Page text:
In the aftermath of the massacre on the campus of Umpqua Community College, Americans are again debating the effectiveness of crime-fighting measures such as improved background checks and gun control laws. In reality, for the sake of reducing mass shootings, background checks will hardly make a difference. Some school rampage shooters secure guns from their parents who have passed background checks. And school killers including the 26-year-old gunman in Roseburg Oregon typically lack a criminal record or a formal psychiatric history that would prevent them from legally obtaining a firearm.
Actually, it is doubtful that we will significantly reduce the prevalence of school rampage incidents, however we choose to respond. Americans love their personal freedom as much as they aim to protect their second amendment access to firearms. They are not likely to make all of our schools into armed camps. It is improbable that they will pass gun control legislation that would effectively stop school massacres. If it didn't happen following the massacre of 20 first-graders and six faculty members at Sandy Hook, then it has little chance of happening anytime soon.
Let's try being realistic. Rather than focus on reducing incidents of school shootings, we might instead seek to limit their death toll. Following the Columbine High School rampage shooting in April 1999, police departments around the country began modifying their procedures for responding to an "active shooter" who targets a school building. Rather than delay deployment as in a hostage situation that might end peacefully, the police are now being trained to give a much faster and better organized response. The active shooter seeks to maximize his body count as quickly as possible; in response, ending the onslaught must be a top police priority.
Still, law enforcement alone cannot possibly eliminate all rampage victims. In addition, we must limit the shooter's access to large amounts of ammunition. High capacity magazines holding as many as 100 rounds have been employed in almost every mass shooting in recent history. The killers were disarmed only when forced to reload. Adam Lanza, the rampage shooter at Sandy Hook Elementary School, reportedly fired some 154 rounds, switching his 30-round clips several times in order to kill his 26 victims in five minutes. In the absence of high capacity magazines, Lanza would likely have taken far fewer lives.
Reducing the size of semi-automatic magazines so that they hold no more than 10 rounds would make some difference in the carnage associated with mass shootings. In eight states and the District of Columbia, large-capacity magazines have already been banned. A federal law would reduce the likelihood of a potential rampage shooter being able to secure a weapon of mass destruction. He might still take a life or two, but not multiple lives.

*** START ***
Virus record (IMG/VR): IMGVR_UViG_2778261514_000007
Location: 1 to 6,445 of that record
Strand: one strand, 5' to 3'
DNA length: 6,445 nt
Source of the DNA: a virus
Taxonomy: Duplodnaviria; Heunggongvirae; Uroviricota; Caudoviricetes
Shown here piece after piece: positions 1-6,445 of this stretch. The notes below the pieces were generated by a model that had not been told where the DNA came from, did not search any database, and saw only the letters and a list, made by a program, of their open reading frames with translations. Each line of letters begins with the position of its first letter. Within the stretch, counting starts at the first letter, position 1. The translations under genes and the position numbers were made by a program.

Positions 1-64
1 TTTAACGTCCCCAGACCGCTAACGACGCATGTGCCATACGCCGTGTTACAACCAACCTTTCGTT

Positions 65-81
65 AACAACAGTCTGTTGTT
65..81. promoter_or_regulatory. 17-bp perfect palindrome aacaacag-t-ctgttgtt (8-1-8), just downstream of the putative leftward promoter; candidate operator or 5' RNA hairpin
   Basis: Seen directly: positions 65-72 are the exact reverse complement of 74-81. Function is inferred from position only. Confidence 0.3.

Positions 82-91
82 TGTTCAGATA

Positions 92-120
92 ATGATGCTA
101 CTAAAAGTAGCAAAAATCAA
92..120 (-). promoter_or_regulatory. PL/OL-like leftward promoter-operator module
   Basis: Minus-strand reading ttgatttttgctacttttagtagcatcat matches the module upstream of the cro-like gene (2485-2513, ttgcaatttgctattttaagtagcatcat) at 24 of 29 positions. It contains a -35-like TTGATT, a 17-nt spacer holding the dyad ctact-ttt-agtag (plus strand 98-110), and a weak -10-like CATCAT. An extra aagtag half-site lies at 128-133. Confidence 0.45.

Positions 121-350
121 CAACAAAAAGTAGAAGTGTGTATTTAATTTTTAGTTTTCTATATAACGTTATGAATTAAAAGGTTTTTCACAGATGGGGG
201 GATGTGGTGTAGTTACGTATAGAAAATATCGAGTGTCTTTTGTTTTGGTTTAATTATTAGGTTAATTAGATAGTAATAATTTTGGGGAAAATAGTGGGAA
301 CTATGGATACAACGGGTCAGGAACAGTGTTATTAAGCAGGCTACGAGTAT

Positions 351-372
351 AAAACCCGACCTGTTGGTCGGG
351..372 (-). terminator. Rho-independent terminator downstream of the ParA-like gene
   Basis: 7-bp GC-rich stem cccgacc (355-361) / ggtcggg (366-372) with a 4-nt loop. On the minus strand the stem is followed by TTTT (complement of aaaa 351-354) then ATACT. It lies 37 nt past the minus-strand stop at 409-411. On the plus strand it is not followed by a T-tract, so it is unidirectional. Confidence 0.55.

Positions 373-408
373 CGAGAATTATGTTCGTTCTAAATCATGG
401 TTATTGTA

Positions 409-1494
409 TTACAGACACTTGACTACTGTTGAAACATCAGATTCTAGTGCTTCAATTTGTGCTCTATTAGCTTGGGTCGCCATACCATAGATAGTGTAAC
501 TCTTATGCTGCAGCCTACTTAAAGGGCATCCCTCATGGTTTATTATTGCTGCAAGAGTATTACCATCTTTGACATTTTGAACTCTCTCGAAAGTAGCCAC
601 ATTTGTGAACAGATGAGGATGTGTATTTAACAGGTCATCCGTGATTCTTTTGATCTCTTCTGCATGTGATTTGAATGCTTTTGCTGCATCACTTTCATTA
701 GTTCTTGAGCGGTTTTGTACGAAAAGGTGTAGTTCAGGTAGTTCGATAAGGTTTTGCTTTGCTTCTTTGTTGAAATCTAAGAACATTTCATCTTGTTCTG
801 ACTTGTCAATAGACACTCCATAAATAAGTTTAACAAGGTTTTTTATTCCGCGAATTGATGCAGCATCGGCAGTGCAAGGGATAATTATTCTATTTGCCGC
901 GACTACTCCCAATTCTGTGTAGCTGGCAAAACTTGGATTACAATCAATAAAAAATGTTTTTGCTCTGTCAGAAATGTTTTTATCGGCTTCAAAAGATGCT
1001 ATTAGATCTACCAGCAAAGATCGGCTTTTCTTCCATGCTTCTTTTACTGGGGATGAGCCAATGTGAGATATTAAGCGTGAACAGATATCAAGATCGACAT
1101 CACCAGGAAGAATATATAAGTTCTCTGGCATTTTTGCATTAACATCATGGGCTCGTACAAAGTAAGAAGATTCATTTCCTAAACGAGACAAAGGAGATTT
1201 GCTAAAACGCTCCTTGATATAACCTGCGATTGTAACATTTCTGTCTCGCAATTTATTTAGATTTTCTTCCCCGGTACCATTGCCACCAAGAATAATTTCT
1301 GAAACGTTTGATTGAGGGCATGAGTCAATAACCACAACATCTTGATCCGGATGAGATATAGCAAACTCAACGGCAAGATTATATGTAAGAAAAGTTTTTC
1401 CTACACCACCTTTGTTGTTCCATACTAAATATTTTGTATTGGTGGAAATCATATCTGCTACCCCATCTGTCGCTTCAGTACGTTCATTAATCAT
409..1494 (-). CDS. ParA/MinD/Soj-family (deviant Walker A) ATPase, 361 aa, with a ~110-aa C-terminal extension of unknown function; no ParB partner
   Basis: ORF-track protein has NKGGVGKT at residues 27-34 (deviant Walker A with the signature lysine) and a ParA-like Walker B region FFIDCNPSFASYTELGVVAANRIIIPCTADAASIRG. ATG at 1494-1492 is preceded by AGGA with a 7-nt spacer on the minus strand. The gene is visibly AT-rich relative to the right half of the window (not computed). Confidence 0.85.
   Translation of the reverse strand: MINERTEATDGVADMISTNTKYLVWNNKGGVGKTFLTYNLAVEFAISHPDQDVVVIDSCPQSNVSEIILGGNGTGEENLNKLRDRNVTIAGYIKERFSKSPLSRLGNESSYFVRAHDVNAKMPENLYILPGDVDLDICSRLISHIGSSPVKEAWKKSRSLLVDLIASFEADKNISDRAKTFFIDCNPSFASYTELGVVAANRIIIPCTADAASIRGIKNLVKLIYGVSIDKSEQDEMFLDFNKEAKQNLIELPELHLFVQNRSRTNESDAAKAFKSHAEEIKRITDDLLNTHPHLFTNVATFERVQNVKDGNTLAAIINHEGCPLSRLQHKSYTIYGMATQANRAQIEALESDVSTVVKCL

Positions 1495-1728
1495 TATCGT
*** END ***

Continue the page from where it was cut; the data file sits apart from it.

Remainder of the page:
One problem is that school shooters often bring several semi-automatic rifles and handguns to the crime scene, reducing the time interval necessary to reload. As a result, it is important to have an armed resource officer or team of security officers on campus.
Most of the approximately 17,000 resource officers employed in public schools nationwide carry a firearm. They would probably not be able to stop the first several shots being fired by a dedicated rampage killer, but they are likely to arrive in time to limit the slaughter, especially when the shooter moves from place to place.
Prior to the tragic mass shooting, Umpqua Community College had rejected the idea of placing an armed security guard on campus. None was on-site when the killer went on a shooting rampage. By contrast, armed resource officers were able to stop an angry 9th grader who opened fire in June 2014 at Reynolds High School in Troutdale, Oregon. The killer had come to school carrying an AR-15 assault rifle along with nine magazines capable of firing several hundred rounds. He shot down one student, then had a gun fight with resource officers before committing suicide.
It is truly a shame that school districts must spend their limited educational resources to secure the safety of their students and faculty. In a statistical sense, the school hours remain the safest hours of the day for our children. But incidents of rampage murders, although very rare, do help to create an exaggerated and widespread climate of fear and anxiety among students, teachers, and parents.
Moreover, to the extent that a killer receives national if not international coverage, one large-scale rampage massacre can inspire another. The Oregon shooter recognized this all too well when he posted online that the "more people you kill, the more you're in the limelight." If we do not have the will to end such incidents, we can at least aim to limit the carnage that assures the killer's infamy as well as his influence on future rampage shooters.
Jack Levin is co-director of the Brudnick Center on Violence and Conflict at Northeastern University and co-author of Extreme Killing.